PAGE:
Top critical review
Good in Parts
17 February 2019
281 and beyond : VVS Laxman
If ever, any one had to prove the theory that your greatness and your place in history is a function of when and where you were born – the example of VVS Laxman (a fellow Hyderabadi) can come on top of this.
Here was a player who possibly had the best selection of shots, averages as good as any one of the frontline players in India and an attitude and temperament that was the epitome of team spirit but possibly never as celebrated and hero worshipped as his peers in the game. That is the problem if you are playing international cricket along with the talismanic master – Tendulkar, the wall - Rahul Dravid, the swashbuckling Sehwag and the in your face and leading from the front Captain Saurav Ganguly. The importance of Laxman will possibly get buried under the collective greatness of his peers whose heroics and records are held in awe by a cricket obsessed nation and a panegyric published every quarter by some ardent fanboy author. There in lies a tale and the story of one of India’s most stylish batsmen who saved us the blushes so many times in so many matches (there is more to him than the 281 at Kolkata where he won the match for us along with Dravid). On an unrelated note, his career reminds you of Ringo Starr, a vital cog in the Beatles but never as acknowledged as the more flamboyant Lennon, McCartney or Harrison.
He was just like any one of us. Middle class upbringing, studied in a school more famous for academics than sports ( Little flower High School for the record did not even have a cricket ground ) and parents who were Doctors and possibly wished that their son carried the noble tradition. Talent and a persevering uncle who punted on his talent led to a change of course midway for this would be Doctor and heralded the birth of one of India’s most dependable players.
Like all books on cricketers, it takes us thru the grind – the Manoo Trophy matches ( equivalent of the Harris shield in Mumbai), the Moin-Ud Dowla tournaments, the Under 19s, Ranjis and Duleep trophies and his arrival on the international stage. At times it seems labored and slightly boring – but this is par for the course in any sportsman’s autobiography. The journey is captured in great detail and we have to endure it.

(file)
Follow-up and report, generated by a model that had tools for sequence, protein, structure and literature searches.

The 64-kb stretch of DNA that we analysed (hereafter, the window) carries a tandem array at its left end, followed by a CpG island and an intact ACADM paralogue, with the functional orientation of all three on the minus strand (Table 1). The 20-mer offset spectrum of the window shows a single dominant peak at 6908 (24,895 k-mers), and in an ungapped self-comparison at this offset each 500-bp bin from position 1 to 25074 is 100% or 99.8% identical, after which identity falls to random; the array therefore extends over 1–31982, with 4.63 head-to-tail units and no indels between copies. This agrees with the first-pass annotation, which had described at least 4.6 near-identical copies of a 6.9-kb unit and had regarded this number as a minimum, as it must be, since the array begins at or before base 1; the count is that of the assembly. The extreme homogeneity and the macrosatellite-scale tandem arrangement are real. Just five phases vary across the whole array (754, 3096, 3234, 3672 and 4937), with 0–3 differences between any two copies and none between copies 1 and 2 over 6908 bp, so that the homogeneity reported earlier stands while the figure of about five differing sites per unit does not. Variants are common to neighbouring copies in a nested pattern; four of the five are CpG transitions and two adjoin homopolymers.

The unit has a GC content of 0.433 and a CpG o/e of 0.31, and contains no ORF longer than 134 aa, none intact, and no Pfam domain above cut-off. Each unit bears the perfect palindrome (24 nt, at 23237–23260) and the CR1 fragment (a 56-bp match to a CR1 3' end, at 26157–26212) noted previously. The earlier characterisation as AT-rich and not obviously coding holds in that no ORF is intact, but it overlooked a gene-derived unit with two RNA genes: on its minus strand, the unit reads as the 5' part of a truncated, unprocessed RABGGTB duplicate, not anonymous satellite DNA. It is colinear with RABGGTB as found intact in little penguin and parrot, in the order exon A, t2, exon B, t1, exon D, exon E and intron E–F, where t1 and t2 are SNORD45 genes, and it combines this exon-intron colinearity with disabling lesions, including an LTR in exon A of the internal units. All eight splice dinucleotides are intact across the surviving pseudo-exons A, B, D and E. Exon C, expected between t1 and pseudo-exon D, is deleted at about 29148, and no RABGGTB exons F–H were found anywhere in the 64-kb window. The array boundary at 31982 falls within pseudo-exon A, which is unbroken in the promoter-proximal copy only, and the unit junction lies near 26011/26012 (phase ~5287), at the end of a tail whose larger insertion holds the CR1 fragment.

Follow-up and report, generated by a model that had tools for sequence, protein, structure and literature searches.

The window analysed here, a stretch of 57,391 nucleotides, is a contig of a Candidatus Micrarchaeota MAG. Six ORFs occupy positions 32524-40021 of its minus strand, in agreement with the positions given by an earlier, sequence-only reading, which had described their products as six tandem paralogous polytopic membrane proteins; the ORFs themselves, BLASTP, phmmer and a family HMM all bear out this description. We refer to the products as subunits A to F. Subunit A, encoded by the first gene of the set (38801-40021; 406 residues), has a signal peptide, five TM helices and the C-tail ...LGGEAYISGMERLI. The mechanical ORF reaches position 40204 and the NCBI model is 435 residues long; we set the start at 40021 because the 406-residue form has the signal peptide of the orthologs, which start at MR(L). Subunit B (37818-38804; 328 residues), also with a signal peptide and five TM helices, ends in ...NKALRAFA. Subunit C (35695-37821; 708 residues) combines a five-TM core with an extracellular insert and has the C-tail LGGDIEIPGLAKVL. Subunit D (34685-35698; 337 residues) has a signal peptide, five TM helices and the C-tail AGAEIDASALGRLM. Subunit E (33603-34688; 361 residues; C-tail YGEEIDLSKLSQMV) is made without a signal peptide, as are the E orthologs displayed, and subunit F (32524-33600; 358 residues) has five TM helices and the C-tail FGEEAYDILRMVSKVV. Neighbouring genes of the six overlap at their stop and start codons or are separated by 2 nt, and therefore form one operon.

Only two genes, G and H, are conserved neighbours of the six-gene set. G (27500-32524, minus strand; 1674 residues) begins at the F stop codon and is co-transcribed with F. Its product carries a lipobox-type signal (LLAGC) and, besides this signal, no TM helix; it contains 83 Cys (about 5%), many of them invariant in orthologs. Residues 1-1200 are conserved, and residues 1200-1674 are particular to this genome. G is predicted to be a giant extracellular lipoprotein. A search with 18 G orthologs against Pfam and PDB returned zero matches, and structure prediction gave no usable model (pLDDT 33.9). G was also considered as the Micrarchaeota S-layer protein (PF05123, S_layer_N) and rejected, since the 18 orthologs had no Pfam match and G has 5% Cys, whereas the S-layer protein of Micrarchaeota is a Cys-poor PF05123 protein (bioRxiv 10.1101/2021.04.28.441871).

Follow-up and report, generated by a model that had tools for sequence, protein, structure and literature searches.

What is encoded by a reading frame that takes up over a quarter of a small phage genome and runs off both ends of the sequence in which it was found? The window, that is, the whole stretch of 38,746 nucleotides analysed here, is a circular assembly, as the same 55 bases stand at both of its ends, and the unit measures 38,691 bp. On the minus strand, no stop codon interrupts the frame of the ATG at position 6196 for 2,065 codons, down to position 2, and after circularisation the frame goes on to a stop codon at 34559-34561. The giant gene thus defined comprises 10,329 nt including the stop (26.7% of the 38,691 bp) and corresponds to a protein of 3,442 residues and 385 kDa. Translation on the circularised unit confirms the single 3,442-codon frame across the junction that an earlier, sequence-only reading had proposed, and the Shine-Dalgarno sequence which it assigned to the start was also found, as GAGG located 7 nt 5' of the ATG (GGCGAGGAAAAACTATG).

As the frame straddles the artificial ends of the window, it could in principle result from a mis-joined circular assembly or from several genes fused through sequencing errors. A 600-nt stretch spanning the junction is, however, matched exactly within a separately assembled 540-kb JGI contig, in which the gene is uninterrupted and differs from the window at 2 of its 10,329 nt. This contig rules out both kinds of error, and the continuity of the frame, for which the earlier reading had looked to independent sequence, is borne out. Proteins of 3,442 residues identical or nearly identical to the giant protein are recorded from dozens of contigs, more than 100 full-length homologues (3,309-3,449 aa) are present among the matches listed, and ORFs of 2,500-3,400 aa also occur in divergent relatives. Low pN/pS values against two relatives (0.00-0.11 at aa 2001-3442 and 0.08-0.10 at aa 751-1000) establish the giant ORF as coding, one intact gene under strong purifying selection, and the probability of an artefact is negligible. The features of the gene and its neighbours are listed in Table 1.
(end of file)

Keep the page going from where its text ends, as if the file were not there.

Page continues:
I have a feeling that destiny has not been very kind on him. Inspite of his performances and the talent beneath, he was dropped as often as he was included into the team. A guiding Godfather seems missing in his chequered career who could have steered his career and taken care of this gifted ward. Think he was too much of a nice guy who wanted things to happen to him based purely on merit.
He writes very candidly about his anxieities of being included/ dropped from the team, trying to match up to his more prolific run scoring team members, the obsession with centuries, the ham handed way the team management ( and also some of his captains) treated him, the existential issues of the one day world where he was plagued with self-doubt, the la la world of IPL and much more. At times, you feel that he deserved better and think that fate should have dealt more winning cards to him.
Can an autobiography by an Indian player be complete without the usual Greg Chappel bashing. The answer is NO and there is a full chapter on the wicked ways of the tormentor Chappell.
His gratitude for the seniors who persisted with him comes across very clearly in the book. His fondness and also acknowledgement of his guru and mentor…the late Doctor MV Sridhar (possibly the greatest Indian batsman who never donned the Indian cap – check out his first class records) comes out very clearly and warmed my heart as Sridhar was like extended family to us.
While the book does not have the style and chutzpah of Ganguly’s books ( there are two of them and both are outstanding) or the openness and tell all style of Shane Warne ( No Spin – Great Book), the book faithfully captures the mind and heart of a talented cricketer who did his duty for the country. And what stays with you at the end of the book is not his great matches but the fact that he was a well-meaning, inherently decent, God fearing simple man…who loved playing for his country and shepherding it to victory whenever given an opportunity . These qualities endear you to him much much more than all the records of his peers.